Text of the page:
A total of 115 Japanese NAFLD patients, 65 with NASH and 50 with simple steatosis, and 441 healthy control subjects were recruited to participate in this study at Yokohama City University Hospital. All control subjects were confirmed to have normal liver function, not to have viral hepatitis, and not to be alcoholics. The control subjects all had a BMI < 25 kg/m2, normal fasting glucose (<110 mg/dl), serum triglycerides (<150 mg/dl), and serum HDL cholesterol (>40 mg/dl) levels, and normal systolic (<130 mmHg) and diastolic blood pressure (<85 mmHg). Liver biopsy was performed in all 115 NAFLD patients, and the liver biopsy tissue obtained was stained with hematoxylin-eosin, reticulin stain, and Masson trichrome stain. The histological criterion used to make the diagnosis of NAFLD was the presence of macrovesicular fatty change in hepatocytes with displacement of the nucleus to the edge of the cell . When more than 5% of hepatocytes were affected by macrovesicular steatosis, the patient was diagnosed as having either steatosis or steatohepatitis. The criteria used to make the diagnosis of steatohepatitis were the presence of lobular inflammation and the presence of either ballooning cells or perisinusoidal/pericellular fibrosis in zone 3 of the hepatic acinus, in addition to steatosis [20, 21]. Patients with any of the following diseases were excluded from participation in this study: infectious hepatitis (chronic hepatitis C infection or concurrent active hepatitis B virus), autoimmune hepatitis, primary biliary cirrhosis (PBC), sclerosing cholangitis, hemochromatosis, α1-antitrypsin deficiency, Wilson's disease, drug-induced hepatitis, and alcoholic hepatitis, and heavy alcohol consumers (current or past daily consumption of more than 20 g alcohol per day). No patients had clinical evidence of hepatic decompensation, such as hepatic encephalopathy, ascites, variceal bleeding, or a serum billirubin level greater than twice the upper limit of normal.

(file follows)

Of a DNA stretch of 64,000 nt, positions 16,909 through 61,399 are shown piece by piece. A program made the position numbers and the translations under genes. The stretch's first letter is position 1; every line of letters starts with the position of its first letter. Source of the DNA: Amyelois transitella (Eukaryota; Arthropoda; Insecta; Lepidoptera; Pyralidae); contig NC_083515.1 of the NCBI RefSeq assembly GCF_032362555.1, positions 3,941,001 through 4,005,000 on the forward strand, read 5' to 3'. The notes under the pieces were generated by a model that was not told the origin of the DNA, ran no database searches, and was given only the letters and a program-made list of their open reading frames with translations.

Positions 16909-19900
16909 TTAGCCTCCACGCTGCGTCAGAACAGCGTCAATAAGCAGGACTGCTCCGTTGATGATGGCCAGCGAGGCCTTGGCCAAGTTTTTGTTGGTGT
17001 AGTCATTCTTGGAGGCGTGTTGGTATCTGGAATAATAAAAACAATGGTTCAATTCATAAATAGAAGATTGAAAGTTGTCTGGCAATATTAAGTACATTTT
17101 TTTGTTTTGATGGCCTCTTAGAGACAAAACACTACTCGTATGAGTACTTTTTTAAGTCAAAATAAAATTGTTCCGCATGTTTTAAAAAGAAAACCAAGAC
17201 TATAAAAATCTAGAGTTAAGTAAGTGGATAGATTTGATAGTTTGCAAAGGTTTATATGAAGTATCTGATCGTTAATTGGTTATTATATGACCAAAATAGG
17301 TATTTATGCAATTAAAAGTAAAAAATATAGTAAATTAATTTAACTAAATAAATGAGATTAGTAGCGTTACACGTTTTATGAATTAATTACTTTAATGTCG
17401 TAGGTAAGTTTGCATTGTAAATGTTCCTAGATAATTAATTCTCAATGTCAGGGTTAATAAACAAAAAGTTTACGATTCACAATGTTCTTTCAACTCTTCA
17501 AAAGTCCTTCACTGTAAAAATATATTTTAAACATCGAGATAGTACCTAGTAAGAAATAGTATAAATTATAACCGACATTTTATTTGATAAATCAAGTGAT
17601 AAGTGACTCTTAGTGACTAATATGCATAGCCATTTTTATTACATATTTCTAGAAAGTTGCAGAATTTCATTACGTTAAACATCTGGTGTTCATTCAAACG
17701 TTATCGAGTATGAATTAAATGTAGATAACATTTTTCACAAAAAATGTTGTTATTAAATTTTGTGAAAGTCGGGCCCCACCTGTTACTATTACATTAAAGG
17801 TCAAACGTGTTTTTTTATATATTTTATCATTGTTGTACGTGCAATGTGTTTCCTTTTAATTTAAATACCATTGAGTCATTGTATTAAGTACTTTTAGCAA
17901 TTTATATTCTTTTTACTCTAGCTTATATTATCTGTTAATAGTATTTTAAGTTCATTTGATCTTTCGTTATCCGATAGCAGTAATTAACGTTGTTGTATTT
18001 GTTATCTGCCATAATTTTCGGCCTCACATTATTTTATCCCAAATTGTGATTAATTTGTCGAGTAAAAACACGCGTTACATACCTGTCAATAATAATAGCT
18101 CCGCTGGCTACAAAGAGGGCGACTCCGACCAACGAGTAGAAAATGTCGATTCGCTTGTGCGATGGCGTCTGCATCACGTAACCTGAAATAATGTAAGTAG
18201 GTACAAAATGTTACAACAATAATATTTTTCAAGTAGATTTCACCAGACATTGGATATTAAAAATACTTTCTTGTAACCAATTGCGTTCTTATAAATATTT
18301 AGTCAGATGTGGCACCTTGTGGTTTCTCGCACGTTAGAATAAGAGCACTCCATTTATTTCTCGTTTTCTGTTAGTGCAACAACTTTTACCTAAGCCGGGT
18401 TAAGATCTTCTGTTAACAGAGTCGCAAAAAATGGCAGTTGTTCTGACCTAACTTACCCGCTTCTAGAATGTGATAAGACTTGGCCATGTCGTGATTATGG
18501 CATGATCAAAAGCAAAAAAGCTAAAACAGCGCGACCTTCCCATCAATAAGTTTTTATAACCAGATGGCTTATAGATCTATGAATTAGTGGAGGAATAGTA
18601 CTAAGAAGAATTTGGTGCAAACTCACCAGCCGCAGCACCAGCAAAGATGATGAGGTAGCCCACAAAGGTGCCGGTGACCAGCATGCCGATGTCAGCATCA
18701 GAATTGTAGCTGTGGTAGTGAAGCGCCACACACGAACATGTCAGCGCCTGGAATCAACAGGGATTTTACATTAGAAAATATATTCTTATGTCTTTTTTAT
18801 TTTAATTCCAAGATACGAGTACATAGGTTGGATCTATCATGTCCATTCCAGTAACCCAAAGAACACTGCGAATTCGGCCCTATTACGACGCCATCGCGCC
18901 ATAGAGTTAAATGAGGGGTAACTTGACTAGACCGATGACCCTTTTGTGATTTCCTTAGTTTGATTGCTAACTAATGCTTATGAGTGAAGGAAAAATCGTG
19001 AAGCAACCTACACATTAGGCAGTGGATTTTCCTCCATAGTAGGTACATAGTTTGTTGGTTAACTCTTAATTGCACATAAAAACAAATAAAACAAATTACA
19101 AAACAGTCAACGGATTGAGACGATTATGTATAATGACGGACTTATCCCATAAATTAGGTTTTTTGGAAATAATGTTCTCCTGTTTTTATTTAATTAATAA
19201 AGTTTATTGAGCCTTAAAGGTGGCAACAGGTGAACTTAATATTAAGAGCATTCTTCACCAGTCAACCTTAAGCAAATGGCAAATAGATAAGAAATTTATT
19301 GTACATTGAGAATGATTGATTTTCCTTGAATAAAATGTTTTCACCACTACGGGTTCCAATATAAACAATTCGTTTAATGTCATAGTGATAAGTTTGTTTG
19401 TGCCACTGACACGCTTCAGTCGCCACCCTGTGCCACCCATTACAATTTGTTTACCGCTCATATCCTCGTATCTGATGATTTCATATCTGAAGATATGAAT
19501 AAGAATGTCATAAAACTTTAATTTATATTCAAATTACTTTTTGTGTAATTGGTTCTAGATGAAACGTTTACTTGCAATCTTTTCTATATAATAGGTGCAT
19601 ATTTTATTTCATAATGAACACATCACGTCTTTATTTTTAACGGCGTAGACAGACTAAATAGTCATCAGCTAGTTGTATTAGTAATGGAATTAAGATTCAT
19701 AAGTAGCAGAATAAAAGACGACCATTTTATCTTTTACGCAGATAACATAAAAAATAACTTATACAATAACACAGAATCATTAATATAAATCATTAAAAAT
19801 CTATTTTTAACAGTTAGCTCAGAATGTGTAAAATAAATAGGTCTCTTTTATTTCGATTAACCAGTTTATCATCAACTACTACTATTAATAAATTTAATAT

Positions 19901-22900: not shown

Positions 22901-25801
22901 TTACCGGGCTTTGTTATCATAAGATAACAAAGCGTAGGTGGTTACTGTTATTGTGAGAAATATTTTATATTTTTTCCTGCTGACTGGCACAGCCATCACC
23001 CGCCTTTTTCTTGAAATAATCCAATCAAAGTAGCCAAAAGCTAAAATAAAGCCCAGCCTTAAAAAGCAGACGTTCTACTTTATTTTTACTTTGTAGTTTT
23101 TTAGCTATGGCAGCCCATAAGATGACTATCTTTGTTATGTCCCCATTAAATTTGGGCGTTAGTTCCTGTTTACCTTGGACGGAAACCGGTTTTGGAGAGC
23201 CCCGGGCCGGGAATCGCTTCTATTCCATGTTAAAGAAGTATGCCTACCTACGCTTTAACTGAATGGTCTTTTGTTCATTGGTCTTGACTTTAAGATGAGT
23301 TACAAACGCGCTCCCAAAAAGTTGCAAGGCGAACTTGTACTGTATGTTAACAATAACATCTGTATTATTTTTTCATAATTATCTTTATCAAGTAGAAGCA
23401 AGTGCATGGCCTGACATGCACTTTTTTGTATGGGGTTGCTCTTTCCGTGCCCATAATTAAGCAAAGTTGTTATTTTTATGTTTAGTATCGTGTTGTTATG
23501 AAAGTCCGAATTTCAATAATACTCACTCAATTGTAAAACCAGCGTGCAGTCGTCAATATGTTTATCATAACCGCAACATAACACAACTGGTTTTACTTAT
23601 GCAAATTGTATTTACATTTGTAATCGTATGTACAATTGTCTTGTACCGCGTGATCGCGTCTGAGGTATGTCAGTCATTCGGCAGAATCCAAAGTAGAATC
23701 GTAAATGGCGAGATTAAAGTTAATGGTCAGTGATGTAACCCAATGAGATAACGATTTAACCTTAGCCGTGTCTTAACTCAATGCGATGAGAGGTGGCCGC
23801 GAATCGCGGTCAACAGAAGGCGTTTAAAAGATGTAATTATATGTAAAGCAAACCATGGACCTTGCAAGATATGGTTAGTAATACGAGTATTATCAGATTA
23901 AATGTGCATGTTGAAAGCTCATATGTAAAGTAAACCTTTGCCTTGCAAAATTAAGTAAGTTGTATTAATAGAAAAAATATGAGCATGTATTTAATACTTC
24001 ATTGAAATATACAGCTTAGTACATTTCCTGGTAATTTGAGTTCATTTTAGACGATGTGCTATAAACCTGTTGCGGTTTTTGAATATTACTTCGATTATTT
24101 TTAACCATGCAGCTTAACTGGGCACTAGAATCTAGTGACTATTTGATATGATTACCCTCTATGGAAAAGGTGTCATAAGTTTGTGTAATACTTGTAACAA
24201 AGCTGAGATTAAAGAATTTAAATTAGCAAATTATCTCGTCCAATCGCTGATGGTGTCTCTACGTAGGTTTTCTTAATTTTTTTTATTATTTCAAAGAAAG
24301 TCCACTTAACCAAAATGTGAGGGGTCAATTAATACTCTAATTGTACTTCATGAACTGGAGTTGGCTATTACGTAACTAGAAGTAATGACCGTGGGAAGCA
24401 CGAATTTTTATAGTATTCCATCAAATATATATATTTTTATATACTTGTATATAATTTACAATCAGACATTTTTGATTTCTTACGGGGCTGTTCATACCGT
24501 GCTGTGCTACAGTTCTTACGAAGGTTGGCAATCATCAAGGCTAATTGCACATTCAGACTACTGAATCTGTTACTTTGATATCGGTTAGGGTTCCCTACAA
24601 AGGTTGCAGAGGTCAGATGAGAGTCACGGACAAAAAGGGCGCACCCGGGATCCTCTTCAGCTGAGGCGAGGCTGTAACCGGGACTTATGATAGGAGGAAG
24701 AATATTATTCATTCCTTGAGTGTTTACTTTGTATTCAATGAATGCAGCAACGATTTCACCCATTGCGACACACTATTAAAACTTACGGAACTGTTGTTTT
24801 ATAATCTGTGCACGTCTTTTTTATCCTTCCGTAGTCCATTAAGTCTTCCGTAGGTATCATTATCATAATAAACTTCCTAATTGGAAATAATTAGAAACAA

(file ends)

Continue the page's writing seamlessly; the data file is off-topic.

Written informed consent was obtained from all subjects before their entry into this study. The study protocol conformed to the ethical guidelines of the 1975 Declaration of Helsinki and was approved by the Research Committee of Yokohama City Hospital.
Physical and laboratory evaluation
The body weight and height of the patients were measured with a calibrated scale after requesting them to remove their shoes and any heavy clothing. A venous blood sample was obtained from the patients after an overnight fast (12 hours) to measure their serum AST, ALT, glucose, immunoreactive insulin (IRI), hemoglobin A1c (HbA1c), total cholesterol, HDL cholesterol, and triglyceride levels. All laboratory biochemical parameters were measured with a conventional automated analyzer. Visceral fat area (VFA) and subcutaneous fat area (SFA) were measured by computed tomography (CT).
DNA preparation and SNP genotyping